BIRBAL SAHNI
    Through the span of a century, men have arisen now and again who, by their ability, their dint of application and inspiration, have sifted facts of science amidst a maze of confusing evidence, and who have thus left an indelible impression upon the sands of time. Such men have not merely unveiled scientific truths, not only contributed their iota to the sum total of scientific knowledge, but have also added dignity and luster to the science they have pursued. Birbal Sahni was one among such men. To his brother Dr. M. R. Sahni, and one who learnt the first principles of Science from him when scarcely of school-going age, his passing away has meant a break, a snapped link with the memories of a cherished past. If this fraternal tribute goes beyond the pale of ordinary biographical sketches, it is to share wish his numerous friends certain aspects of his life which even those who were most intimately associated with him could scarcely know of.

PARENTAL BACKGROUND
    Birbal Sahni was the third child of his parents, the late Professor Ruchi Ram Sahni and Shrimati Ishwar Devi. He was born on the 14th of November, 1891, at Bhera, a small town in the Shahpur District, now a part of the West Punjab, and once a flourishing center of trade, which had the distinction of an invasion by the iconoclast, Mahmud of Ghazni. The immediate interest that centers round Bhera is enhanced by the fact that this little town is situated not far form the Salt Range which may be described as veritable "Museum of Geology". Excursions to these barren ranges, where lie unmasked some of the most interesting episodes and landmarks of Indian geology, were often co-ordinated with visits to Bhera during his childhood, particularly to Khewra. Here occur certain plant bearing formations concerning the geological age of which Birbal Sahni made important contributions in later years.
Although Bhera become his ancestral home, his parents were at one time settled much farther afield, in fact at the riverine port of Dehra Ismail Khan on the Indus, and later migrated to Lahore.
    It is learnt from his autobiography that father, still at school, was obliged to leave Dehra Islamil Khan owing to reverses of fortune and the death of his grandfather who was a leading citizen of the town. With the change of fortune, life became different and difficult. Undeterred, his father walked with a bundle of books on his back all the way from Dehra Islmail Khan to Jhang, a distance of over 150 miles, to join school. Later at Bhera and at Lahore, he distinguished himself as a scholar. He educated himself entirely on scholarships that he won. He was thus brought up in a hard school of life, and was entirely a self-made man. His father was a person of liberal views, and during his career he became one of the leaders of the Brahmo Samaj movement in the Punjab, a progressive religious and social upsurge which had then freshly taken root. Undoubtedly his father imbibed these ideas during his sojourn in Calcutta in his early days. He gave practical effect to his views by breaking away completely from caste. And when the call came, father, then a man of advanced years, stood knee-deep in the sacred mud of the tank of the Golden Temple and removed basket loads of it upon his frail shoulders to assist in clearing the accumulated silt. His religion knew no boundaries. Always patriot, he threw himself heart and soul into the struggle of independence and even tasted the severity of the bureaucratic baton at the Guru ka Bagh. He fought valiantly for the rights of his country men, and was more than once on the verge of arrest.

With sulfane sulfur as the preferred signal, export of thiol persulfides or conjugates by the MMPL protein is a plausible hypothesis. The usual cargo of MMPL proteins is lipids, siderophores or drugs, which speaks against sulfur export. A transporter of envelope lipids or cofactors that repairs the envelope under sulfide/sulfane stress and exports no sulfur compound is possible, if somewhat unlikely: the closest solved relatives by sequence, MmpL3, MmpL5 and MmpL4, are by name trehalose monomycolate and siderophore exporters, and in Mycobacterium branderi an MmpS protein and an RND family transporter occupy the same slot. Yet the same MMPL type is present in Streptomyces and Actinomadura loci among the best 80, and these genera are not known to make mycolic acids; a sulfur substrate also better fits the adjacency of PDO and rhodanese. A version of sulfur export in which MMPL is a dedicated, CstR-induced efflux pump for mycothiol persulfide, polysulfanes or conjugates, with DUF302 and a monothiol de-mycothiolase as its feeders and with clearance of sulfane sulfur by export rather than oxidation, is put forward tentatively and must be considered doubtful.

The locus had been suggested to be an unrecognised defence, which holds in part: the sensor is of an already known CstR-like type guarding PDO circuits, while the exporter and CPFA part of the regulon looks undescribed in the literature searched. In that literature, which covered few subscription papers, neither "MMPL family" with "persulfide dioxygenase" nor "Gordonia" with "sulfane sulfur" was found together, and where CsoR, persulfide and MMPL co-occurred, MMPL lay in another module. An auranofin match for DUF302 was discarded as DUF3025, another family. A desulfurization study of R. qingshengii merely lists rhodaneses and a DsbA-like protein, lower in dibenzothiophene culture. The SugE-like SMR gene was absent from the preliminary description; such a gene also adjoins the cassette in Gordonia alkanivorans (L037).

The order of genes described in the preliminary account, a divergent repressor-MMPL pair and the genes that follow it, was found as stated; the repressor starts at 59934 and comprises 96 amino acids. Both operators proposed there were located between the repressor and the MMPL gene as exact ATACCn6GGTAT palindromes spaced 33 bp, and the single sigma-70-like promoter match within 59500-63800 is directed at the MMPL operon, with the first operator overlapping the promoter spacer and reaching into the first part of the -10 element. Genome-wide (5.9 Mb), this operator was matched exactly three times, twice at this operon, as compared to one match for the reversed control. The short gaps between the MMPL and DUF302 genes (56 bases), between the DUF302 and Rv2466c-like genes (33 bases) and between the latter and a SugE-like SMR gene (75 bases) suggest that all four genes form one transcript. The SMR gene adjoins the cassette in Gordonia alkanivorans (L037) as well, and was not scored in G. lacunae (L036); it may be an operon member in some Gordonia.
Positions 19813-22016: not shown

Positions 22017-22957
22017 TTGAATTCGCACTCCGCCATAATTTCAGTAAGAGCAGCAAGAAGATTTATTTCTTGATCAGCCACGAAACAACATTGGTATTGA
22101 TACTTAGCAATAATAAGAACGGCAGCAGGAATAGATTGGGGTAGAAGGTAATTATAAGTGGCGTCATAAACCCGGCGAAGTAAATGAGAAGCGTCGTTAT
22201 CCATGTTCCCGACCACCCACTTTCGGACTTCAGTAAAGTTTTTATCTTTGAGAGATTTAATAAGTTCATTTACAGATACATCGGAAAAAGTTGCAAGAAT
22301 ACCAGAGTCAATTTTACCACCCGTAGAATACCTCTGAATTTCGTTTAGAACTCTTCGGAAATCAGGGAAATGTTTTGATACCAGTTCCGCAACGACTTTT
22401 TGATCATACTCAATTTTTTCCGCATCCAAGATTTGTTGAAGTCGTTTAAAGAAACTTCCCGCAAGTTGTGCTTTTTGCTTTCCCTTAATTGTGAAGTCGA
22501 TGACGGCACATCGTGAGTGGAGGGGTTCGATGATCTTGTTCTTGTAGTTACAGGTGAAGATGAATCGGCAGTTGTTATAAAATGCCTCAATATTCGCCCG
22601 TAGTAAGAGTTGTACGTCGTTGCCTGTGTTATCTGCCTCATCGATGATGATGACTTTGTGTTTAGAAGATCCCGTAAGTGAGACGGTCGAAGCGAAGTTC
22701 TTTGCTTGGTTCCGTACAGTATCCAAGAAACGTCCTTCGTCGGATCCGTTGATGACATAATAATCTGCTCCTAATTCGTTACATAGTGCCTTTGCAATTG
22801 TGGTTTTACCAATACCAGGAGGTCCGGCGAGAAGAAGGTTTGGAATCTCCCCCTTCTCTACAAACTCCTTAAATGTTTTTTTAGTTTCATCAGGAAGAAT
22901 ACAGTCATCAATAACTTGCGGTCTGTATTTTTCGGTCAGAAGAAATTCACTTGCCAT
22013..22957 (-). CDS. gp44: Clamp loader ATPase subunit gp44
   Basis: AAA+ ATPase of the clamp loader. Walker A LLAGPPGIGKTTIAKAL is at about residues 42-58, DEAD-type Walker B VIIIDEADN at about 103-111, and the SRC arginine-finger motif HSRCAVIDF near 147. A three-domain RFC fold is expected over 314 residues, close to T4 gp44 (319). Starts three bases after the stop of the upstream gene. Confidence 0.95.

About 1922, when he returned the insignia of the title conferred upon him by the then government, he was threatened with the termination of his pension, but his only answer was that he had thought out and foreseen all possible consequences of his action. He retained his pension!
    It was inevitable that these events left their impression upon the family and were also imbibed by the family members. Therefore, if Birbal Sahni became a staunch supporter of the Congress movement, it was due in no small measure to father's living example. To this may be added the inspiration he derived, even if on rare occasions, form the presence of political figures like Motilal Nehru, Gokhale, Srinivasa Shastri, Sarojini Naidu, Madan Mohan Malaviya and others who were guests at their Lahore house, situated near the Bradlaugh Hall which was then the hub of political activity in the Punjab.
    His mother was a pious lady of more conservative views, whose one aim in life was to see that the children received the best possible education. Hers was a brave sacrifice, and together they managed to send five sons to British and European universities. Nor was the education of the daughters neglected in spite of opposition form orthodox relations, and her elder sister was one of the first women to graduate from the Punjab University.